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Theresa May 'demeaning' UK with threats to EU, says Corbyn

Theresa May will be quizzed on her keynote speech on Brexit during Prime Minister's Questions in the Commons

Jeremy Corbyn has accused Theresa May of "demeaning" her office and her country by threatening to make the UK an offshore tax haven if she cannot get the Brexit deal she wants from the EU.
The Prime Minister denied the Brexit plan she unveiled on Tuesday was based on threats, insisting she had set out a vision for "a stronger, fairer, more united, more outward-looking, prosperous, tolerant and independent, truly global Britain".
The exchange at Prime Minister's Questions in the House of Commons came after Brexit Secretary David Davis said Britain may not have fully freed itself from European Union rules until 2021.
Speaking on BBC Radio 4's Today programme, Mr Davis brushed aside suggestions that MPs might vote down a deal thrashed out over the next two years under Article 50 of the EU treaties, insisting: "I intend to make this a success."
He said he was "very determined' to agree a divorce deal with Brussels and a new trading relationship within the two-year deadline, and said Britain would not be "supplicant" to any EU demand to extend the negotiation period.
The man who will lead the European Council when negotiations begin - Maltese prime minister Joseph Muscat - warned that the negotiations would be "arduous" and that any deal offered to the UK must be "inferior" to the terms it could have as a member.
"We want a fair deal for the UK but that deal necessarily needs to be inferior to membership," Mr Muscat told the European Parliament in Strasbourg.
"This should not come as a surprise to anyone. Indeed, thinking it can be otherwise would indicate a detachment from reality."
Foreign Secretary Boris Johnson warned the remaining EU nations not to pursue a punitive approach to the Brexit negotiations.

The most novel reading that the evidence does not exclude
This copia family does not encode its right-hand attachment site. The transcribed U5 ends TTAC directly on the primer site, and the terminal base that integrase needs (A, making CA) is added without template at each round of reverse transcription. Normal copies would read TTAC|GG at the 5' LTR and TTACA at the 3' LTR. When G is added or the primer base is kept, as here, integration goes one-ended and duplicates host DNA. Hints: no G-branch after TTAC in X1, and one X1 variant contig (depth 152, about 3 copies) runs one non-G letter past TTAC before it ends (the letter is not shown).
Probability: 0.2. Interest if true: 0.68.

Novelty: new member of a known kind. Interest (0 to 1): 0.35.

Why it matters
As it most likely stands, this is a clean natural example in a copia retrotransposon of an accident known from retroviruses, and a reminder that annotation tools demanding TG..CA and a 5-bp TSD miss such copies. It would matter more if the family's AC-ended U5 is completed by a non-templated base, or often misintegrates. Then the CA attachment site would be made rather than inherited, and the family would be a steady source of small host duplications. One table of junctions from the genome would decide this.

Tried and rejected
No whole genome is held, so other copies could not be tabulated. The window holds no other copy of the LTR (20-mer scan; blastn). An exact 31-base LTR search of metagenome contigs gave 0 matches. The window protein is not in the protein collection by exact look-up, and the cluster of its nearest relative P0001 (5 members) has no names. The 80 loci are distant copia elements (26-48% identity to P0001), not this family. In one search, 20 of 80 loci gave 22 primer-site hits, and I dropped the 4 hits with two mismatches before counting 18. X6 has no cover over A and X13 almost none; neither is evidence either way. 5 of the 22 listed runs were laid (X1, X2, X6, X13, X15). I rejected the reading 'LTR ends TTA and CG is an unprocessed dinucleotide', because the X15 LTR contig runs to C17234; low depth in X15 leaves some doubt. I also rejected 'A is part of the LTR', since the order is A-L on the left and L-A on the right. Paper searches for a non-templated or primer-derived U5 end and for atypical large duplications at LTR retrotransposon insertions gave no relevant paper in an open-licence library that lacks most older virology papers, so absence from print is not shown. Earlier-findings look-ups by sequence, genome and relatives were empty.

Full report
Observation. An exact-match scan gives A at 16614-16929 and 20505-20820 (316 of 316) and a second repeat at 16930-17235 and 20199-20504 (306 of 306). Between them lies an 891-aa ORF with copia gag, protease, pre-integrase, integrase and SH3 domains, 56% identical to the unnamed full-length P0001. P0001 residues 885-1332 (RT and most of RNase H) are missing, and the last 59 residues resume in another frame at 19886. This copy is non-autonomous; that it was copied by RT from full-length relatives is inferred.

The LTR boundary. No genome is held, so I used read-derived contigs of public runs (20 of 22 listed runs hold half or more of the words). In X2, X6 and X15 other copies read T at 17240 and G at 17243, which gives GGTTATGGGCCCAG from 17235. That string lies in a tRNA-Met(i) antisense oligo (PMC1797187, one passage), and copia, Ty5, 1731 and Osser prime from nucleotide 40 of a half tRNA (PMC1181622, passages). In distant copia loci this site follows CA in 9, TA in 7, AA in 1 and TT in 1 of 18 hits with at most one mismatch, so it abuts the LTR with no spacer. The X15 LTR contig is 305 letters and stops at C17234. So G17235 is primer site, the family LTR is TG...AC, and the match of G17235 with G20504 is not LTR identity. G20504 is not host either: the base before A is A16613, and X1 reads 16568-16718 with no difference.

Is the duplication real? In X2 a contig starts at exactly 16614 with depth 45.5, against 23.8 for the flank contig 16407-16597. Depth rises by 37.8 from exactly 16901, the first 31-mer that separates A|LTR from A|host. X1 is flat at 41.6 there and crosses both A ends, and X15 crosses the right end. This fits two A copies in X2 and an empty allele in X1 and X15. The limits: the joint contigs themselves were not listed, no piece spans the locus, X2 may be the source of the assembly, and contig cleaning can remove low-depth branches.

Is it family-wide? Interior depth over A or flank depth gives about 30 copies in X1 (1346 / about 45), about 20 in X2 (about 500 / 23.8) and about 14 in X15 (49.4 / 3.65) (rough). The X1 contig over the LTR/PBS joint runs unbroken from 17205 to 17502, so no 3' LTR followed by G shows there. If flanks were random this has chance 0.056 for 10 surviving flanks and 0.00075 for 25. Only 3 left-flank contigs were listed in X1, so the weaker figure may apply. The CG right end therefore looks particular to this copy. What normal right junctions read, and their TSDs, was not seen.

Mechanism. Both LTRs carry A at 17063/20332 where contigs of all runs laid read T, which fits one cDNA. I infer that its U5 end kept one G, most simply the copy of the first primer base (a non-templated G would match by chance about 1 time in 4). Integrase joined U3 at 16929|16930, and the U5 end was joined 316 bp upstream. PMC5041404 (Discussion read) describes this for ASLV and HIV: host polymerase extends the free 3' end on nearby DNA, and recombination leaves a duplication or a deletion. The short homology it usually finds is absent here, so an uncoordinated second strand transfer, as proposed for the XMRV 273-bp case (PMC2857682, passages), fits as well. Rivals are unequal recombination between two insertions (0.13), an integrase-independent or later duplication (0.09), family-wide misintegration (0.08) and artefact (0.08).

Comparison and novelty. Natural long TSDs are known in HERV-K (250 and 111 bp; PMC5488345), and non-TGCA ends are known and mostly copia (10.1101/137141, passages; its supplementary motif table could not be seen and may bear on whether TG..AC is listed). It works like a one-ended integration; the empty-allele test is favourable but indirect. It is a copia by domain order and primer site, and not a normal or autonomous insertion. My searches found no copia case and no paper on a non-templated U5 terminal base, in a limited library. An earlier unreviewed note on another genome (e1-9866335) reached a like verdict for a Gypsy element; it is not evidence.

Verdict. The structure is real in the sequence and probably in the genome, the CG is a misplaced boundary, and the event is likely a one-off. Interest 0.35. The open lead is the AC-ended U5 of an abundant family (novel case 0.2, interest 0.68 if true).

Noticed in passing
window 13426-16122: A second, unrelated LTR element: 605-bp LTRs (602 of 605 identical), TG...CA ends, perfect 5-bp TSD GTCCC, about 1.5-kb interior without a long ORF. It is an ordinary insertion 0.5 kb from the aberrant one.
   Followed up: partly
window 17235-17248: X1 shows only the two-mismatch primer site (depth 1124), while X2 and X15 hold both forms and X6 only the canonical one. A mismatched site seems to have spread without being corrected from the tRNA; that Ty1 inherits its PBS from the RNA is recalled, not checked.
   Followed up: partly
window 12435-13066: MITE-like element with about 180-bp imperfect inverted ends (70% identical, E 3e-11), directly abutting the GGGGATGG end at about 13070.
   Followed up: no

Responding to comments from an aide to French President Francois Hollande, who said Britain should not expect a better trading relationship with Europe from outside the EU, Mr Johnson said: "If Monsieur Hollande wants to administer punishment beatings that anyone chooses to escape, rather in the manner of some World War Two movie, then I don't think that's the way forward.”
"It's not in the interests of our friends or our partners."
Mrs May used a high-profile speech at Lancaster House in London on Tuesday to announce she will take Britain out of the European single market and may also quit the customs union, while seeking a free trade agreement with the EU to allow UK companies to continue doing business with its 27 remaining members.
She made clear that she was ready to walk away from a "punitive" deal, warning EU partners that Britain could use low corporate taxes to attract business and investment from around the world if it could not strike a favourable trade deal with Europe.
Speaking at PMQs in the Commons, Mr Corbyn called on the PM to "stop her threat of a bargain basement Britain, a low-pay tax haven on the shores of Europe".
The Labour leader said: "It wouldn't necessarily damage the EU, but it would certainly damage this country - businesses, jobs and public services.”
"She demeans herself and her office and our country's standing by making these kinds of threats."
He accused the PM of failing to guarantee the future of thousands of EU nationals working in UK public services or to explain whether she would be willing to pay for continued access to the single market.